A South Florida hospital chain agreed to settle federal claims it allowed former employees to improperly access names, dates of birth and Social Security numbers of 80,000 people – some of which was later used in identity theft.
A Miami, Fla.-area nonprofit this week paid $5.5 million to settle a HIPAA case alleging that credentials of former employees were used to access electronic protected health information (ePHI) of 80,000 people – some of whom were later victims of identity theft.
South Broward Hospital District, which does business as Memorial Healthcare System (MHS), initially reported in April of 2012, that two former employees had improperly accessed ePHI.
The nonprofit hospital chain filed a follow-up case three months later, saying they had found evidence of additional breaches by 12 other employees who worked at affiliated physicians offices.
Investigators from the U.S. Department of Health and Human Services Office of Civil Rights (OCR) determined that MHS failed to revoke access of former employees, failed to review logs and access records, and had inadequate policies for managing employee permissions to networks containing ePHI.
“Access to ePHI must be provided only to authorized users, including affiliated physician office staff,” Robinsue Frohboese, acting OCR director, said in a statement Thursday.
“Further, organizations must implement audit controls and review audit logs regularly,” the statement continued. “As this case shows, a lack of access controls and regular review of audit logs helps hackers or malevolent insiders to cover their electronic tracks, making it difficult for covered entities and business associates to not only recover from breaches, but to prevent them before they happen.”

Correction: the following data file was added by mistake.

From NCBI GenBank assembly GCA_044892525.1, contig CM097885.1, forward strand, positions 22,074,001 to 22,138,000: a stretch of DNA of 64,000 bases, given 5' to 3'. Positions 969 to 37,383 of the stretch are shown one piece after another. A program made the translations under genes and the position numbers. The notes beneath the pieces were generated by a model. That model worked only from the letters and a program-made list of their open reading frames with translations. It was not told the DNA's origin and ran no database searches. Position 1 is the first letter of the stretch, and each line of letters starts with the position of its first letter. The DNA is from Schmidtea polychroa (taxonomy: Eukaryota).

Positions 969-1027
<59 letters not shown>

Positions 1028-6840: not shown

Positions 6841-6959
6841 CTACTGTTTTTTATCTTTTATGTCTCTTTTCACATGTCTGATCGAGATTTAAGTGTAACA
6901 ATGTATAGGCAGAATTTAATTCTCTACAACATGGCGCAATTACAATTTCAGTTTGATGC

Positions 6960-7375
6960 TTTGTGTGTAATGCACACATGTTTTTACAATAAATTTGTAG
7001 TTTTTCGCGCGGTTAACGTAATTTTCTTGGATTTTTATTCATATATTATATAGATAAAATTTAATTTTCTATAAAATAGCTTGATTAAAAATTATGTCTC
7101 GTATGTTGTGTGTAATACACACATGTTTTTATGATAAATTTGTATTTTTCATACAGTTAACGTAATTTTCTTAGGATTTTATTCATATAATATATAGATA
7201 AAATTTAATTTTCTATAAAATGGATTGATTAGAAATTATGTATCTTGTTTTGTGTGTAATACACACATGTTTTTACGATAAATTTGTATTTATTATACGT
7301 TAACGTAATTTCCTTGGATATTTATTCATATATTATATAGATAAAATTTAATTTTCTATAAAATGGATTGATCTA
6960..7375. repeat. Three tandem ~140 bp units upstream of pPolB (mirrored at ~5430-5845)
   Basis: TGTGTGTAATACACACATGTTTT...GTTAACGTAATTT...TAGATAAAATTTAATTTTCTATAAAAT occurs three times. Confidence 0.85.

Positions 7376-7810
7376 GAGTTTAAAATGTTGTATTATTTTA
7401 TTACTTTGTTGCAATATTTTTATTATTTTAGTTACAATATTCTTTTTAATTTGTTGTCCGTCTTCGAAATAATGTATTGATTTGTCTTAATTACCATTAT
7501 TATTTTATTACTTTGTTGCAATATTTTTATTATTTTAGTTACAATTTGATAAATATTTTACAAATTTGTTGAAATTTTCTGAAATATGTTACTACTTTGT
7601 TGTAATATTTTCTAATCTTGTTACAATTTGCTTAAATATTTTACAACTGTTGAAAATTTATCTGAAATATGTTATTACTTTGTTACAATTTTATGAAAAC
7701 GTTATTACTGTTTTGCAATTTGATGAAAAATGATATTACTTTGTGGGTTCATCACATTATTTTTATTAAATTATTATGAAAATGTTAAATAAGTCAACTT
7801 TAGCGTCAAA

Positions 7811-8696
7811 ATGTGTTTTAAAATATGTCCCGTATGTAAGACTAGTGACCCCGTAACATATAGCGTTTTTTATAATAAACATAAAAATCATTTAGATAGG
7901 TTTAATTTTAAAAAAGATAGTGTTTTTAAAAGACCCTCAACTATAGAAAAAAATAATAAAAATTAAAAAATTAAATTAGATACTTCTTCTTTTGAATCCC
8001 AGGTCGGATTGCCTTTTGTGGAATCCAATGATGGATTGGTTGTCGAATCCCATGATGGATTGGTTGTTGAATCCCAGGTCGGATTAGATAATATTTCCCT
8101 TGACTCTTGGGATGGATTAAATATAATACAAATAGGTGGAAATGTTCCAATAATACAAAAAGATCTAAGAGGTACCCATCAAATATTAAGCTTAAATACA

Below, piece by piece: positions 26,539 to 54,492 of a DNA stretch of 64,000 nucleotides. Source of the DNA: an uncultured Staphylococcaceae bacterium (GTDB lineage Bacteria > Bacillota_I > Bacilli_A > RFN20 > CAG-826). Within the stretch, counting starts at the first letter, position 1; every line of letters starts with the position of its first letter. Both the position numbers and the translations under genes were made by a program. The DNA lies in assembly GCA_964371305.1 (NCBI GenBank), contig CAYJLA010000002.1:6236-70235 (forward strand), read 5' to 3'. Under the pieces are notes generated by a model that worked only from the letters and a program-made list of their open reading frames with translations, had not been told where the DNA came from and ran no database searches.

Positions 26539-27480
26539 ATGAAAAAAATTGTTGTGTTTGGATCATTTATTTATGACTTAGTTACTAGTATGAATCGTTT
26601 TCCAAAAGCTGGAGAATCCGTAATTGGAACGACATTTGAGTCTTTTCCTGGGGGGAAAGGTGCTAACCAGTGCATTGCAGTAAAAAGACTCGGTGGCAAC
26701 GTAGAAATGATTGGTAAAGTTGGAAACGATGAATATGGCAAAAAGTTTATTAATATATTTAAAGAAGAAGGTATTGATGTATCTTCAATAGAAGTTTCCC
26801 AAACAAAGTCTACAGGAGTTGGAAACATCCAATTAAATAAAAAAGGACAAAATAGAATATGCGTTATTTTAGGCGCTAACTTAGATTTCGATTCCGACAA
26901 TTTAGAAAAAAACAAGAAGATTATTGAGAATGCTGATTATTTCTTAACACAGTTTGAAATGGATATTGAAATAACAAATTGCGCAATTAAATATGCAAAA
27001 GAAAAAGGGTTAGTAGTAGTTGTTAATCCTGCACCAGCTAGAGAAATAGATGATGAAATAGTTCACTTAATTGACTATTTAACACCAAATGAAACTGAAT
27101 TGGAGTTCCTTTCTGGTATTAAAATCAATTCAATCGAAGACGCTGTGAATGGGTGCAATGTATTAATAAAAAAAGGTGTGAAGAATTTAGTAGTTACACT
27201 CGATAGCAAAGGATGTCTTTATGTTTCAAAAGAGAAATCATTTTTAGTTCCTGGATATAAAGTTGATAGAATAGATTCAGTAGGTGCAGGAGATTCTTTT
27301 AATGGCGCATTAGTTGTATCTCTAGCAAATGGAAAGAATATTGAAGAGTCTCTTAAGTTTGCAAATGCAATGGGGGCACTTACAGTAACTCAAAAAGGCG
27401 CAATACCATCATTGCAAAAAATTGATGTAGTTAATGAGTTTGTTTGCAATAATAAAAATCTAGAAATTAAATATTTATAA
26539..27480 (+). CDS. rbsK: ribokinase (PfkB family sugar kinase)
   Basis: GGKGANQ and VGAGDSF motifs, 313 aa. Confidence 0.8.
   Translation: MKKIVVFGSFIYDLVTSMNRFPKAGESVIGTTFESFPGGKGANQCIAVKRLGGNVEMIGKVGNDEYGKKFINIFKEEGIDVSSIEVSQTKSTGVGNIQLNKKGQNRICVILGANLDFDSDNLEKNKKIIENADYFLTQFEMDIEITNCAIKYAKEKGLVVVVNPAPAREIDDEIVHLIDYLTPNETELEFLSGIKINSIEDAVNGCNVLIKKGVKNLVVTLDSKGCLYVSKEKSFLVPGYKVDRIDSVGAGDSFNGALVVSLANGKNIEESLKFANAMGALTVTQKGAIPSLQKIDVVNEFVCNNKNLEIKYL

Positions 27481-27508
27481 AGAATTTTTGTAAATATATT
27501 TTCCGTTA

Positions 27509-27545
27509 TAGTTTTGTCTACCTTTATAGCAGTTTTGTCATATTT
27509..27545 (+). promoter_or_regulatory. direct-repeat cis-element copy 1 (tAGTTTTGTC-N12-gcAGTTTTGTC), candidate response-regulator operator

IT service providers continue to strike gold working in the healthcare vertical. But the lucrative market also poses substantial risks for covered entities and authorized business associates – often third-party IT service providers – in the event ePHI is mishandled.
In the latest case, MHS reported their suspicion that as many as 105,646 individuals might have been affected, though OCR investigators ultimately placed the final tally at about 80,000.
Still, the impact was significant.
“Some of these instances led to federal charges relating to selling protected health information and filing fraudulent tax returns,” OCR investigators said in a document detailing terms of the settlement.
As part of the agreement, MHS also agreed to comply with a corrective action plan.
The $5.5 million payment is tied for the largest HIPAA breach penalty levied so far and marks a continuation of an enforcement crackdown that dates back to the start of last year.
OCR has collected $11.4 million so far in 2017.
That’s compared to $23.5 million last year, and just $6.2 million levied in all of 2015.
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